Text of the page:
Berlin's clubs are suffering from staff shortages, a lack of guests... and neighbours who've grown used to the silence, representatives for the scene say.

'People liked the silence': How Berlin's club scene is struggling after lockdowns

Some operators from Berlin’s club scene are bracing themselves for a difficult autumn. For months now, people have been allowed to dance again and life has returned to normal in the dark corners of Berlin’s famous nightlife scene.

But the clubs have far from recovered from the pandemic. They face staff shortages, rising prices and the prospect of a return to Covid restrictions in the autumn.

“We go into the autumn with huge fear, because the omens are totally unfavorable,” said association head Pamela Schobeß.

Spring and summer went anything but smoothly, she said. “There has been an oversupply of events. People aren’t going out as much, and some are still afraid to move around indoors.”

Money is also an issue. “A lot of people are afraid of rising energy prices.”

The industry lost workers during the pandemic and it’s hard to convince them to come back with the outlook for the autumn looking so gloomy, Schobeß says.

Her colleague Robin Schellenberg tells a similar story. People have switched to various other jobs and would even rather work on a supermarket checkout, which may have been considered less sexy in the past. Now, he says, some have learned to love not having to work nights.


Schellenberg runs the Klunkerkranich, a small club on a parking garage deck in Neukölln. Because a number of things have become more expensive, they have also had to increase their admission prices.

His impression is that people are going out less often and are deciding more spontaneously. In addition, people in the neighborhood are now more sensitive to noise. “Many people found the silence very enticing,” he said.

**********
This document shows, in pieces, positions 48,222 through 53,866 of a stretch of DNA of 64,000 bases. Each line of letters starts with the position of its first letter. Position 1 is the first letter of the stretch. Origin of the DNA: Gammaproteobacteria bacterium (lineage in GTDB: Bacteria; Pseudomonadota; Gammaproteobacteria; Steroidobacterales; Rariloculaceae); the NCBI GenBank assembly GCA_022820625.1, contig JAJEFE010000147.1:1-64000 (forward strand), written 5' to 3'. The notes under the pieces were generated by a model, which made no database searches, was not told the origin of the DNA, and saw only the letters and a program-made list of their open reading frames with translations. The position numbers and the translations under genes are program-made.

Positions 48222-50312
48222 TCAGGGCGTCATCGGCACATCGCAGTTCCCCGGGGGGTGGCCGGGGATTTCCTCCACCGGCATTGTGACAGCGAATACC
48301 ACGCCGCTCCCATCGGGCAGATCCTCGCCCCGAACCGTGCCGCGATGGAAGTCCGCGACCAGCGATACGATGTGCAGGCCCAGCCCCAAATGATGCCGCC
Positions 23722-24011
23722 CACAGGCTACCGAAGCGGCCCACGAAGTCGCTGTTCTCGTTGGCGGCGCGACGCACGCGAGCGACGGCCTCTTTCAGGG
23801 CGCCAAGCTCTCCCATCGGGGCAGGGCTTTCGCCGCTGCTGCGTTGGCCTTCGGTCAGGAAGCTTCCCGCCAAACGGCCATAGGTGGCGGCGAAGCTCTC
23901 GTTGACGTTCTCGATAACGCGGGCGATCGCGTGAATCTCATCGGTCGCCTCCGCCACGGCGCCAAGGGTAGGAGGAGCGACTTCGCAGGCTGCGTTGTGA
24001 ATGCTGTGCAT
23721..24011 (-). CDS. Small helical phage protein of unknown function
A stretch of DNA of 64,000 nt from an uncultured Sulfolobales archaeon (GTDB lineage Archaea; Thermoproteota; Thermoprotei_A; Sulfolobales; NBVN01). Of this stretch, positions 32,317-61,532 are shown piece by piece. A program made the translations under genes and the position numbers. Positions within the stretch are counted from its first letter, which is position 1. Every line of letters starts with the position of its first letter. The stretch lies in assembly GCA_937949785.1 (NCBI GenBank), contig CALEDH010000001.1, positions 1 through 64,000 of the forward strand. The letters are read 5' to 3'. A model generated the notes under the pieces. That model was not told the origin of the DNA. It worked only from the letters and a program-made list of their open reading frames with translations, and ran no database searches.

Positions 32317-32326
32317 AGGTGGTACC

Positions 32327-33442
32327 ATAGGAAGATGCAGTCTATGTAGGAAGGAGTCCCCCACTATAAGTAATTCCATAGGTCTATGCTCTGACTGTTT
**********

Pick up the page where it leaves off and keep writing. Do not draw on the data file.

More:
Some in the industry wonder what will happen next. Will club admission have to become much more expensive? Will that exclude people who can no longer afford it? And what happens if Covid infection numbers rise sharply?

If masks become mandatory indoors in October, Schobeß believes that would be bad for the clubs. “Even if we don’t get shut down by the state, we’ll actually have to close down independently ourselves,” she reckons.

Masks take all the joy out of the experience, she says. People have drinks in their hands and are “jumping around and dancing” and then security guards have to tell them “please put your mask on.”

The federal government is considering whether states should be able to make masks mandatory indoors starting in October. Exceptions should be possible, such as at cultural and sporting events, for people who have been tested, recently vaccinated and recently recovered.

In the event that Covid numbers soar, the states could then be allowed to tighten the rules and eliminate all exemptions.

READ ALSO: German court declares techno to be music